1. Kristy, I’m not a financial adviser so I can only say what I would try if I were in your shoes. I would simply wait until you get your check and then divide it up. Leave the money you need to pay bills like utilities in your account. Only get out cash money for things like groceries, eating out, maybe gas or anything you usually overspend on when you have a card to swipe. If you are living on a shoestring right now your best bet is to go a little gazelle like Dave Ramsey talks about and get super serious about paying off debt. If that’s the case, you’ll find ways to drive less, eat in more and save money on the expenses that you have total control over. When my hubby and I decided to get rid of our mortgage we stopped eating out, started buying only the food we needed for breakfast, lunch and dinner and few snacks and started being super mindful about how much we were driving. We did as much free stuff as we could do and really didn’t shop for anything we didn’t absolutely need for 2 years. I think the best thing you can do is experiment. If you are worried about not having enough for bills, start simple and just use cash for groceries until you get the hang of it. When you get more comfortable with the system and how it works with your income, you can add more categories to your envelope and start relying on cash.

      Good luck! Please let me know if you have anymore questions and keep me up to date on your experiment.

  15. My wife and started doing this 40 years ago and it has worked perfectly. My wife is brilliant.

    1. Pete, that is super nice of you to say about your wife. And I only wished I found out about this system earlier!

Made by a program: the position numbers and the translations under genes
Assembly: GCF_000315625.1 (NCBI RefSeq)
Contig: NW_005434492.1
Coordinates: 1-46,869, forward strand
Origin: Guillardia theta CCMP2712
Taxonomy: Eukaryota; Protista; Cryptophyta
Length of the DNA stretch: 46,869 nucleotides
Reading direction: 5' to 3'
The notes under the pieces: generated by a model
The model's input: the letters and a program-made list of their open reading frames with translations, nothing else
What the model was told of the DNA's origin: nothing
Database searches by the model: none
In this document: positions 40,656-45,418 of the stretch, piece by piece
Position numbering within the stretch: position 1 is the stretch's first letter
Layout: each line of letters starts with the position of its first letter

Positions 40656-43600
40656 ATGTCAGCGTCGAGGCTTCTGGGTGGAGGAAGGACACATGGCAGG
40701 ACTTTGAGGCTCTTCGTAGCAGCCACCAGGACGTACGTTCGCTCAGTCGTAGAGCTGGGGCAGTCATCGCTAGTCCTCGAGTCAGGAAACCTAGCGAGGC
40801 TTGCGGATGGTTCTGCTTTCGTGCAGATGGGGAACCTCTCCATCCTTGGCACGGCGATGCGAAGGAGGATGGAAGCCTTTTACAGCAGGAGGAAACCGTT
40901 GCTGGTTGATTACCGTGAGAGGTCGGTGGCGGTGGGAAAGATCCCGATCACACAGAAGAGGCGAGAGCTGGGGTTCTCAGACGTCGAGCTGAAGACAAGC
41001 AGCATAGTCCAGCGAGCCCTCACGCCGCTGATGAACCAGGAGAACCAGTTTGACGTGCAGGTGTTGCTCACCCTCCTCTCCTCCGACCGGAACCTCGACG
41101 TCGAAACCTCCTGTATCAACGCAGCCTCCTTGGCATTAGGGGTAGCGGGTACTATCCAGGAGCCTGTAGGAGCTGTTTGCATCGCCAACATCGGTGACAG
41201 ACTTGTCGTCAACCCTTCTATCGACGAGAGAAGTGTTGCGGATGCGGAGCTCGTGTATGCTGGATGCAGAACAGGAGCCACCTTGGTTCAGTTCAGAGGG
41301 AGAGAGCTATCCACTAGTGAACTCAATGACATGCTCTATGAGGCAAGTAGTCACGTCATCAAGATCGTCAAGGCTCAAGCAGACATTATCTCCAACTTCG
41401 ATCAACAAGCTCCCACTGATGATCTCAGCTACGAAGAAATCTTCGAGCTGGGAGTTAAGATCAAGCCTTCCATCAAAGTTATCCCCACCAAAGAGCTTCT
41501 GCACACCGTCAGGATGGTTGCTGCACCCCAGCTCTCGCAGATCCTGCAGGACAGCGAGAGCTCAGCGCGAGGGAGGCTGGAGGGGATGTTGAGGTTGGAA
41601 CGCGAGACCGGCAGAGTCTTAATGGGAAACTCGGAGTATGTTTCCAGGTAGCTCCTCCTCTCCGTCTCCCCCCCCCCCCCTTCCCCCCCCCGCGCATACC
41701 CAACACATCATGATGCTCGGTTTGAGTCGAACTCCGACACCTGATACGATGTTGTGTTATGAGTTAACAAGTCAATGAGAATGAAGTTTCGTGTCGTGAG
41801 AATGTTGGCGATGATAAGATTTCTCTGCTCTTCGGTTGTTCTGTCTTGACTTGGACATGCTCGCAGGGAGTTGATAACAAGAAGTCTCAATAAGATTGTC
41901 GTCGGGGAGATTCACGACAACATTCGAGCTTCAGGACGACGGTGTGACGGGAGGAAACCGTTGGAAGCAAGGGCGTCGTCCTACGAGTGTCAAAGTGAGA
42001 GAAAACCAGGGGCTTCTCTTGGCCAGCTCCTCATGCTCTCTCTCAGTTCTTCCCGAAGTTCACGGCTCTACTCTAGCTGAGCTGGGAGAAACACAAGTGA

16. This is such a great idea- thanks for sharing! I find myself living paycheck to paycheck and stressing if I am going to have enough funds for the month, especially in the summer planning for vacations! I think I will give this a try and like you said be more aware of where my money is going.

    What day do you find it best to re-up, Monday?

    Did you and your husband both have a separate wallet system to adhere to each budget?

    1. Amanda, I re-uped on grocery day which was usually Friday I think. My husband just had two sections in his wallet so he did his allowance and gas money. Otherwise he didn’t really spend much cash. I was the one who did all the family shopping. I wrote a post about Couples Using the Envelope system that gives you more details about how we did stuff as well as some tips. https://thriftylittlemom.com/2015/02/26/the-cash-envelope-budgeting-system-for-couples/

  17. Hi Kim,

    So glad I stumbled across this article. I’m just about to start budgeting in a bit more detail and whilst I might not use the envelopes, I certainly want to start capping what we have for groceries, entertainment etc so we have more control over our outgoings.

    I’ve also seen a couple of references to Dave Ramsey’s book this week so I think I’ll go ahead and make the purchase!

    Best Regards

    1. It’s a great place to start. Dave Ramsey kind of gets you fired up and makes you believe you can be debt free no matter where you are in your journey!

  18. How hard would this be to use if you are paid monthly and only have one income. So would really like to try this but not really sure about how to even start. I only get pd on the 20th of each month.